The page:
Some Boys Sink

by Evan James Sheldon

The boy lingers on the cliff, arms wrapped around his shirtless middle, while the other boys leap and fall into the lake below. Made of stone, but draped in skin so no one knows, they fall hard and fast, sending water skyward. The boy knows they are made of stone. He knows because his insides aren’t made of stone but of ribbon: a twirling, delicate thing. He doesn’t want to jump, sure that he will drift to the water’s surface instead of plummet like everyone else, like he should.

Another boy stands off to side, wearing a cast on his forearm. Behind him a path meanders down to the water’s edge. The boys of stone often make fun of the boy with the cast because he’s breakable, not shatterproof like they are. There’s a sharpness to this boy, a gleam, and the boy made of ribbons guesses the breakable boy is composed of glass. He has no way to know for sure; they could never speak of such things.

The boy of glass sees the boy of ribbon watching him and gestures to the path. We could just walk down, he says. We don’t have to jump and let them see how we don’t fall like they do. He scoots to the edge and glances over at the water, only to hurriedly step away.

The boy of ribbon wants to go down the path, to keep himself hidden from the others, at least for a while longer, but realizes if the boy of glass knows he is different the other boys might as well. And he has no way out, to walk down the path is an announcement, the same as jumping and drifting down, the same as walking away from the cliff entirely. The others will see him no matter what he chooses.

Once, when he was younger his father bought him a Bearded Dragon and put it in a terrarium. The boy felt bad for the lizard because, though it looked like it could scamper wherever it wanted, it was actually trapped—its freedom an illusion. Walls you can see through are still walls. His father gave him crickets to feed the Bearded Dragon but the boy didn’t want to have a hand in killing the crickets. They were so small and shiny black like the space between stars. But the boy’s father said, if you don’t feed the lizard it will die. It’s one or the other. You can’t have it both ways. That was the first time the boy felt his ribbon coil and knot.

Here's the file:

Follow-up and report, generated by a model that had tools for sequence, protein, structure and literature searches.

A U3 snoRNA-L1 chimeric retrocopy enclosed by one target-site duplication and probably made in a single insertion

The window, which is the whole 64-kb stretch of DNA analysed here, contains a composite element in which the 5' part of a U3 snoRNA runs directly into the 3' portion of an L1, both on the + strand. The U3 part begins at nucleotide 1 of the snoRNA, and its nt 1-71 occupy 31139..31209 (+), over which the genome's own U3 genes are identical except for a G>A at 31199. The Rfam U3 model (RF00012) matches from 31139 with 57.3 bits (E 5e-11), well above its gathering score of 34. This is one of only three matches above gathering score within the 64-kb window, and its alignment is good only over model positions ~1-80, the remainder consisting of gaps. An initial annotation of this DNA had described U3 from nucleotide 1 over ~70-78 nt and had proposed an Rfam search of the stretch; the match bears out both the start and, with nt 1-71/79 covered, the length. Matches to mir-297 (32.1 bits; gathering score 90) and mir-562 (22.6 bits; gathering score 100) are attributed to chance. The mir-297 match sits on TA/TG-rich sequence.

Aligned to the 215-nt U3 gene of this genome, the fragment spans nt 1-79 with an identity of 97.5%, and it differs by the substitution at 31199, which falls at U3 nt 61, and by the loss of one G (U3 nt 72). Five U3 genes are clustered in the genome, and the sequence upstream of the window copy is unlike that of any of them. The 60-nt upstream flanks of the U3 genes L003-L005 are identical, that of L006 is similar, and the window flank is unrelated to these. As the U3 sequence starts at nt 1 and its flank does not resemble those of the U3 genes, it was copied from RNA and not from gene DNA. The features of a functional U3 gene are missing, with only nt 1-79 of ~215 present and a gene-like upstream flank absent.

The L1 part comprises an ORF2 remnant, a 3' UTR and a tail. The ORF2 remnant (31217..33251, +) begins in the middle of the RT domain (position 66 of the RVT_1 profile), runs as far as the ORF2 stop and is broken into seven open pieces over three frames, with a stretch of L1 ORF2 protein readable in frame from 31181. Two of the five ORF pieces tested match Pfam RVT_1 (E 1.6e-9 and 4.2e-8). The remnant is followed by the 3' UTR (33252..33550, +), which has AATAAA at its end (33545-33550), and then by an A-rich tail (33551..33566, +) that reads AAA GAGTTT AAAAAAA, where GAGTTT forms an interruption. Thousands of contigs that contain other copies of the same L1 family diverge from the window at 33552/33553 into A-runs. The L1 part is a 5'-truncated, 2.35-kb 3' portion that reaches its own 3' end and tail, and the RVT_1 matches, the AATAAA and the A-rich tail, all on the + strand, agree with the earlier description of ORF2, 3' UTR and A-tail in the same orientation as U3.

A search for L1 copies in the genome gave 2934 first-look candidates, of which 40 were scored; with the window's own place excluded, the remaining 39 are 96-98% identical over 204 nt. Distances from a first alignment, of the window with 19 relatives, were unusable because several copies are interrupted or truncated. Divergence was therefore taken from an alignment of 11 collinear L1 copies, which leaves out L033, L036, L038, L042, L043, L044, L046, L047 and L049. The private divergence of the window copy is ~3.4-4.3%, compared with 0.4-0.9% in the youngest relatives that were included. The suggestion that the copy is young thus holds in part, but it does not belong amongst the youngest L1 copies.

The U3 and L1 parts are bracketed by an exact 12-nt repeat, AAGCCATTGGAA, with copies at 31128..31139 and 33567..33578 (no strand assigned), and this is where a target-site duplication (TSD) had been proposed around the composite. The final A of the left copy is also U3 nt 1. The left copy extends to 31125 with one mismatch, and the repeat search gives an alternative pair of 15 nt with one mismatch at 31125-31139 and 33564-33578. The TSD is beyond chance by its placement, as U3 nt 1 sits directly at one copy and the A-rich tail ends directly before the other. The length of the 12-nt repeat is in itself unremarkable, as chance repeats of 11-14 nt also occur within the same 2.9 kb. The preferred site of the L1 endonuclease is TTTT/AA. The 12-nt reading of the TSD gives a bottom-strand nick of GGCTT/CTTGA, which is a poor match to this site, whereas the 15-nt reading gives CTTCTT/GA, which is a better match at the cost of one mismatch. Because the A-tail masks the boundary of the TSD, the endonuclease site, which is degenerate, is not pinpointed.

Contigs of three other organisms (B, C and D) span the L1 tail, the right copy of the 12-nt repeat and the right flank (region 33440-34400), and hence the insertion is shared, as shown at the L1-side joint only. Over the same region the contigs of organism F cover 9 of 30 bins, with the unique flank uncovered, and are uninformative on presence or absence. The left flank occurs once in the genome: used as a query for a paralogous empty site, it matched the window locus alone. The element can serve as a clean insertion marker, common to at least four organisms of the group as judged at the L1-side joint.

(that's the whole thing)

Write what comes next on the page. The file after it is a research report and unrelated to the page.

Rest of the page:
Now, he feels the same, his ribbon tightening and twisting into a nodule, so if he presses hard into his stomach he can feel it—a subdermal marker of this and other similar moments. He drops his hands to his sides as he sees the boy of glass watching, embarrassed to be caught fondling his own pain.

And maybe it is this embarrassment that causes him to run and leap, more afraid of what the boy of glass saw than of what the others might see. He flies through the air, focused on falling, so he doesn’t see the look on the boy’s face who now stands alone on the cliff’s edge. He doesn’t see the boy walk away, bits cracking and hardening all at the same time. He might wonder about him later, but once he hits the surface it’s all bubbles and cold water, icier than he’d imagined.

He sinks down and down until his feet touch the murky bottom. Around him, boys strain for the surface, kicking and floundering. But they aren’t made for rising, though their thrashing creates tiny perfect bubbles that stream upward and escape them. The boy doesn’t pity them.

He swims away until he sees a rock on the bottom, slick with algae, that looks like his old Bearded Dragon. He tries to pick it up, but it is sharp underneath—a ragged and unexpected edge—and it cuts his palm. As he swims to the surface, blood seeps from him, lacing back through the water like a tether. Before he breaks through, he stops and treads and looks, but he doesn’t see any nodules in the ribbon of blood behind him.

Evan James Sheldon‘s work has appeared recently in the American Literary Review, Cincinnati Review, and Maine Review, among other journals. He is a Senior Editor for F(r)iction and the Editorial Director for Brink Literacy Project. You can find him online at